Chapman also voiced her support for the diesel scrappage scheme that the mayor has previously called for. The scheme will see drivers paid up to £3,500 so that they can scrap their existing diesel vehicles and replace them with more environmentally-friendly motors. Such a scheme would help relieve the financial burden on small businesses.
"At a time when London's businesses face an increasingly challenging trading environment, the mayor should be taking every possible step to help the capital's small businesses," Chapman said.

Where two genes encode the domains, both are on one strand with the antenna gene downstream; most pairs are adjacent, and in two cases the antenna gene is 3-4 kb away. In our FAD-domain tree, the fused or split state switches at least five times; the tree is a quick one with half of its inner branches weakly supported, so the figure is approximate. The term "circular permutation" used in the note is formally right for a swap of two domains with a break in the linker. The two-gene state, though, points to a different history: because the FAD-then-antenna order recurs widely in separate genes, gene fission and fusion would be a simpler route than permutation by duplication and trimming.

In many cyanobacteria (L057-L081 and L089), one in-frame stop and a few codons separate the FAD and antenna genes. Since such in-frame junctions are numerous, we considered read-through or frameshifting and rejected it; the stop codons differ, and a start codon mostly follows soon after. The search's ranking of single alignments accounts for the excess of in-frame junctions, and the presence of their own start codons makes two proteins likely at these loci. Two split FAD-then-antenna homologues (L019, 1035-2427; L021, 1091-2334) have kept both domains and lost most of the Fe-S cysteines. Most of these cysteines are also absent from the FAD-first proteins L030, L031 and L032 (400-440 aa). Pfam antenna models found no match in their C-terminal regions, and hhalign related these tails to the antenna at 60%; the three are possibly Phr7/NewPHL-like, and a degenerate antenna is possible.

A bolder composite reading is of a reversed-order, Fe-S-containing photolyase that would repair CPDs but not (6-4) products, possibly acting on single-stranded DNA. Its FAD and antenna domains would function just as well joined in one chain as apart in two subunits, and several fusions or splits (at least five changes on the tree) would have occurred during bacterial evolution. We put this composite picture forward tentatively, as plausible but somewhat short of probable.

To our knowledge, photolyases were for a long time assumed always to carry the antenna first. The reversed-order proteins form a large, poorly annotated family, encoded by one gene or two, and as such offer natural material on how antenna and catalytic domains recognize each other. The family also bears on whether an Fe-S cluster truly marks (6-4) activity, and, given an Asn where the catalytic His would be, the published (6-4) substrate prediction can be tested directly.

Coping with costs is always going to be a big worry for SMEs. The FTA has promised to continue exerting pressure on the mayor to consider the van drivers most affected by the ULEZ so that they're not faced with unrealistic costs.
iVan may also be able to help your enterprise by offering you a quote for cheap van insurance. Get a quote today.